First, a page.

In the last ten days, there have been two developments concerning the disclosure of litigation finance agreements. On May 7, federal Judge Dan Polster issued an order in the opioids multidistrict litigation in Ohio that required limited disclosure of litigation finance agreements. Although the order was hailed in some circles as big news, the litigation finance industry’s response was a mixture of approval and indifference. And that’s because of three key aspects of the order. First, the order calls for ex parte submissions to the court, not disclosure to the opposing party. Second, the order addresses the remote possibility that a financing agreement could allow a litigation finance firm to control litigation strategy or settlement, or otherwise create a conflict of interest for the lawyer. The order does not require disclosure of the financial terms of financing agreements. Experienced lawyers and litigation finance firms do not enter into agreements that cede control of litigation strategy or settlement to the financing firm. And they do not structure agreements in a way that would create a conflict of interest for the lawyers. Third, Judge Polster prohibited additional discovery of financing agreements absent “extraordinary circumstances.”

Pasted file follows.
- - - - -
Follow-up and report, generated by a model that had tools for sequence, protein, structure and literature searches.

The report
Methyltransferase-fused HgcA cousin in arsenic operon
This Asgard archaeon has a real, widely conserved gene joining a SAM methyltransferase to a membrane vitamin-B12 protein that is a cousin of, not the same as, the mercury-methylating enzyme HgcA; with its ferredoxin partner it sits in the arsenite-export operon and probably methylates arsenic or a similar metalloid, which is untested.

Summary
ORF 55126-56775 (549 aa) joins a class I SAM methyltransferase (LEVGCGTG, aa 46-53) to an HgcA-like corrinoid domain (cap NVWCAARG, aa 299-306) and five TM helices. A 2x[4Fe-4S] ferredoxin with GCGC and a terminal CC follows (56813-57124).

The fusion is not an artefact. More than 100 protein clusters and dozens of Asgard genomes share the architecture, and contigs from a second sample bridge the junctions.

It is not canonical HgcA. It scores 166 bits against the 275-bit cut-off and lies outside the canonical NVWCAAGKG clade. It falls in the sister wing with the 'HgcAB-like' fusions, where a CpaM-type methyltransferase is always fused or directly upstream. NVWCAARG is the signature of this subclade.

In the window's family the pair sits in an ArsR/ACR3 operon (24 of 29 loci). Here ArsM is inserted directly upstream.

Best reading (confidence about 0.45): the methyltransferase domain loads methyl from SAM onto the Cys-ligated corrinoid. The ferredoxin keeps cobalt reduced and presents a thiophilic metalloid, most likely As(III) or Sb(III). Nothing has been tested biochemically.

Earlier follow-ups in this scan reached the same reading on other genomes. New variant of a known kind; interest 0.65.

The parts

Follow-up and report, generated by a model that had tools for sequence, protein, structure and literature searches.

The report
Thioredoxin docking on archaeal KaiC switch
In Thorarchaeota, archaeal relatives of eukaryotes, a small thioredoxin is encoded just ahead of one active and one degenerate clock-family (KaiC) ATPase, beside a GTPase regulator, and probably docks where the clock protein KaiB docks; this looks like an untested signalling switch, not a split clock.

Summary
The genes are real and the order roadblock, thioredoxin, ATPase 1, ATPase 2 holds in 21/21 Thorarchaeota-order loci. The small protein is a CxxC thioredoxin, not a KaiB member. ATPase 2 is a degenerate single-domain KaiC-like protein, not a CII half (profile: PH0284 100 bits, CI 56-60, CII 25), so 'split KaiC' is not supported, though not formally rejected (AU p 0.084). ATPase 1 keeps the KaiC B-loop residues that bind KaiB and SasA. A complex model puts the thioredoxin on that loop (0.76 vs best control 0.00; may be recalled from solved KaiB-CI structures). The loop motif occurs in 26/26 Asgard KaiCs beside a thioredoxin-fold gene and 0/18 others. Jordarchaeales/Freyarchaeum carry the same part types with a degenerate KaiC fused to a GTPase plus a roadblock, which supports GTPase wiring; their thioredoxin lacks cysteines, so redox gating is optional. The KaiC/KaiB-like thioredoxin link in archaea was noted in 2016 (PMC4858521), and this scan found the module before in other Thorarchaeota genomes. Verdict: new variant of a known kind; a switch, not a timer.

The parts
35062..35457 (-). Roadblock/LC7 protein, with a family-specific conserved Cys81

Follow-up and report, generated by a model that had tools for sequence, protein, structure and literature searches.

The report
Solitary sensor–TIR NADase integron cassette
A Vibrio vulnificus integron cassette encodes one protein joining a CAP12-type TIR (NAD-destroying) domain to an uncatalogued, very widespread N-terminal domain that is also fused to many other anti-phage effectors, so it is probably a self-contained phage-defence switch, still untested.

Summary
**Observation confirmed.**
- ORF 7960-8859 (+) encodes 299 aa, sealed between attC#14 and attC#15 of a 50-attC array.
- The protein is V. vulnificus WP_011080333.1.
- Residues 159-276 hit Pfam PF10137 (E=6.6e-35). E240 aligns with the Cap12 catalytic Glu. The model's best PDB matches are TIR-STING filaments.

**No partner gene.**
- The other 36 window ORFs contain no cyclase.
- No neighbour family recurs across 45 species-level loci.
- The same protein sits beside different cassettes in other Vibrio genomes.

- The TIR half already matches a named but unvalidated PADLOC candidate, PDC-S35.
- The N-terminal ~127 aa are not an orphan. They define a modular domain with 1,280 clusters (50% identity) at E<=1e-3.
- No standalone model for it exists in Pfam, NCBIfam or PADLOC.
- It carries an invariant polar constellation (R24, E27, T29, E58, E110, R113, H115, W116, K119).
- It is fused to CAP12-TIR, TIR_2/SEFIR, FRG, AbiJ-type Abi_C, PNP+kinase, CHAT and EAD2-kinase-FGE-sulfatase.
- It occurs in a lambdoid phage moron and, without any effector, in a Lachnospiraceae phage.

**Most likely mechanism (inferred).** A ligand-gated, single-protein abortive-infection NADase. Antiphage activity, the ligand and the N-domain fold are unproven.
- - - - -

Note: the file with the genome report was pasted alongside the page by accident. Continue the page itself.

The bill that Senators Chuck Grassley (R-IA), John Cornyn (R-TX), and Thom Tillis (R-NC) introduced three days later, titled the Litigation Funding Transparency Act (LFTA), has drawn more criticism from the industry. While also limited to MDLs and class actions, the LFTA requires mandatory disclosure of financing agreements, not just to the court but to the parties as well. But there is no good reason why disclosure to anyone other than the court is necessary or desirable from a policy perspective. And the LFTA puts no limits on additional discovery related to financing agreements. In other words, even though the LFTA ostensibly addresses some of the same theoretical concerns that Judge Polster’s order addresses, the LFTA does more than is necessary to address those concerns and is more likely to give rise to unintended consequences.
As the reaction to Judge Polster’s order shows, few litigation finance firms oppose all forms of disclosure. But if a court believes disclosure is necessary, Judge Polster’s order is a much better template than the LFTA.